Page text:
- Blood cultures identify bacteria in the blood. Bacteria can travel from the blood to the brain. N. meningitidis and S. pneumoniae can cause both sepsis and meningitis.
- A complete blood count with differential is a general index of health. It checks the number of red and white blood cells in your blood. White blood cells fight infection. The count is usually elevated in meningitis.
- Chest X-rays can reveal the presence of pneumonia, tuberculosis, or fungal infections. Meningitis can occur after pneumonia.
- A CT scan of the head may show problems like a brain abscess or sinusitis. Bacteria can spread from the sinuses to the meninges.
Your treatment is determined by the cause of your meningitis.
Bacterial meningitis requires immediate hospitalization. Early diagnosis and treatment will prevent brain damage and death. Bacterial meningitis is treated with intravenous antibiotics. There’s no specific antibiotic for bacterial meningitis. It depends on the bacteria involved.
Fungal meningitis is treated with antifungal agents.
Viral meningitis isn’t treated. It usually resolves on its own. Symptoms should go away within two weeks. There are no serious long-term problems associated with viral meningitis.
Maintaining a healthy lifestyle, especially if you’re at increased risk, is important. This includes things like:
- getting adequate amounts of rest
- not smoking
- avoiding contact with sick people
If you’ve been in close contact with one or more people who have a bacterial meningococcal infection, your doctor can give you preventive antibiotics. This will decrease your changes of developing the disease.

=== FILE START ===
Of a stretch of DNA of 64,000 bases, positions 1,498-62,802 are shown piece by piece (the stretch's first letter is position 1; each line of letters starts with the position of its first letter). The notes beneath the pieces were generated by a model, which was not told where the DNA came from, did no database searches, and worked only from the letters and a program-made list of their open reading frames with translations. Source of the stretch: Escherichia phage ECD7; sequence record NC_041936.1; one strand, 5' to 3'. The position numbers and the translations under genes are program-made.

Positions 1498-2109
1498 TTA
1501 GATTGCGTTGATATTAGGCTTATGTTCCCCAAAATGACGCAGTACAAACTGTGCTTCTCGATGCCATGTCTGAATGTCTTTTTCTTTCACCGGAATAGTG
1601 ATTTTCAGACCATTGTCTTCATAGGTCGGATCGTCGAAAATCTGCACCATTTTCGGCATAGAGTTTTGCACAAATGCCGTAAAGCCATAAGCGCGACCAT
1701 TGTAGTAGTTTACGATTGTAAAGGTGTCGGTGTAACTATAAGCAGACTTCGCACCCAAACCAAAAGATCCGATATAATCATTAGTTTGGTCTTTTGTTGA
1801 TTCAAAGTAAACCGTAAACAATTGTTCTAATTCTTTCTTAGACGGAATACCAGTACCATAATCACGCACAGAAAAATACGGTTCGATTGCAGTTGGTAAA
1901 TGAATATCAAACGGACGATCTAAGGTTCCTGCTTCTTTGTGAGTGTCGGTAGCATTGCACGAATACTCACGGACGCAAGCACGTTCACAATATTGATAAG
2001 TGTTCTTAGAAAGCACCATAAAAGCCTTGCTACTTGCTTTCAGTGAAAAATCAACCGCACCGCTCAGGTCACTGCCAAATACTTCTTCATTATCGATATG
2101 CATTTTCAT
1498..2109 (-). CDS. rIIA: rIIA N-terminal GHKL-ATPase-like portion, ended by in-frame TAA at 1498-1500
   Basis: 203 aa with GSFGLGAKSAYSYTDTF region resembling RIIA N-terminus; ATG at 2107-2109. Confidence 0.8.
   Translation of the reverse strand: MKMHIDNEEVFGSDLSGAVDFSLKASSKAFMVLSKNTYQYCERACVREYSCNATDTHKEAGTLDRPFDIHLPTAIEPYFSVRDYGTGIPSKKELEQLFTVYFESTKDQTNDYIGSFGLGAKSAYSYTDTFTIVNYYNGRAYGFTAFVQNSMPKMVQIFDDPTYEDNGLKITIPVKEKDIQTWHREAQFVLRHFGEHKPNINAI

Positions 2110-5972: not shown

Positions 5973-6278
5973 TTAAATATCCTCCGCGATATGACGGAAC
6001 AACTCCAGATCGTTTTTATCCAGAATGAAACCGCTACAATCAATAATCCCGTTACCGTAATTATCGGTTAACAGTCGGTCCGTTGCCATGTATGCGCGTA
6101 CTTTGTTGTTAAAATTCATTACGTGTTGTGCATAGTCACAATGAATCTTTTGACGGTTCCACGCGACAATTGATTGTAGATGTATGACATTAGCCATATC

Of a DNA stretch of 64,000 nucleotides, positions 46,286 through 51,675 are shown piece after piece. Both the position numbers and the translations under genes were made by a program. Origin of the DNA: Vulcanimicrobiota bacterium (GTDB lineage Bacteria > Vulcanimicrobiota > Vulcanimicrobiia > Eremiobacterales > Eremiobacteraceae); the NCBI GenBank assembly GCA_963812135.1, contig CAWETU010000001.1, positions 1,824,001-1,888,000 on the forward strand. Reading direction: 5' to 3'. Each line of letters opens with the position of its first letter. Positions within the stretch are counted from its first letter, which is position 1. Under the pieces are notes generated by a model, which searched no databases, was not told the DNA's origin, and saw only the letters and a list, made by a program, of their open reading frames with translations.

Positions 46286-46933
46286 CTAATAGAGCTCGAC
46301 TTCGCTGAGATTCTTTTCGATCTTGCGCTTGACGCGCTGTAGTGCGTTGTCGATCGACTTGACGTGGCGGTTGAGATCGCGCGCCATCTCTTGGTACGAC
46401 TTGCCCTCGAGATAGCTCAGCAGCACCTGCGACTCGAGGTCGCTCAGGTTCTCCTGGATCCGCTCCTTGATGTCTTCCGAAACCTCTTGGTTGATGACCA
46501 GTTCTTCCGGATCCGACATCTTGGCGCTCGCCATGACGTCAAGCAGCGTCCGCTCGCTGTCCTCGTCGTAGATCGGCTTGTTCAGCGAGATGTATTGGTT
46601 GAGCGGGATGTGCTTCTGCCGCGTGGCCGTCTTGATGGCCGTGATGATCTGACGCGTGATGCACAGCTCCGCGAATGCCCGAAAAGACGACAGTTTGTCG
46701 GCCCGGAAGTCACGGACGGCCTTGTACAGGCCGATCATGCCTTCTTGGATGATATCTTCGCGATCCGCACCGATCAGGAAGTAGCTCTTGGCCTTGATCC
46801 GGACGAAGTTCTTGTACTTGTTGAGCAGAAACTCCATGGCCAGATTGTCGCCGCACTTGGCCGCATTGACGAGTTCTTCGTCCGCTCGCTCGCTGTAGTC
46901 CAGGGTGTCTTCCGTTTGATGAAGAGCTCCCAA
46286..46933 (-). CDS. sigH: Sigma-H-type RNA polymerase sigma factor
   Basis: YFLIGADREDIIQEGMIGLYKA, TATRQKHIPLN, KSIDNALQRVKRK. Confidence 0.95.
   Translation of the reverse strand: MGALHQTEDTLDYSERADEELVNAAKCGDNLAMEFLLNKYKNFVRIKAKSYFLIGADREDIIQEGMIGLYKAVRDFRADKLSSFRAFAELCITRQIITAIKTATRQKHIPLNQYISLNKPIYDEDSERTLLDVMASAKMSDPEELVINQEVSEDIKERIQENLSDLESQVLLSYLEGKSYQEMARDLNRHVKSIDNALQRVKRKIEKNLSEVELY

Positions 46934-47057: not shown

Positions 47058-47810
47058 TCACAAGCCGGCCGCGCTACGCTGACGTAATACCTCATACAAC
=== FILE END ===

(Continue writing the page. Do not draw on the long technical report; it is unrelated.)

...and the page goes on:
Vaccinations can also protect against certain types of meningitis. Vaccines that can prevent meningitis include the following:
- Haemophilus influenzae type B (Hib) vaccine
- pneumococcal conjugate vaccine
- meningococcal vaccine
Who Should Be Vaccinated Against Meningococcal Meningitis?
These five groups are considered at risk and should get a meningitis vaccine:
- college freshmen who live in dorms and haven’t been vaccinated
- adolescents who are 11 to 12 years old
- new high school students who haven’t been vaccinated
- people traveling to countries where meningococcal disease is common
- children who are ages 2 or older and who don’t have a spleen or have a compromised immune system
Written by: Verneda Lights and Elizabeth Boskey, PhD
Published on Aug 16, 2012on Jan 12, 2016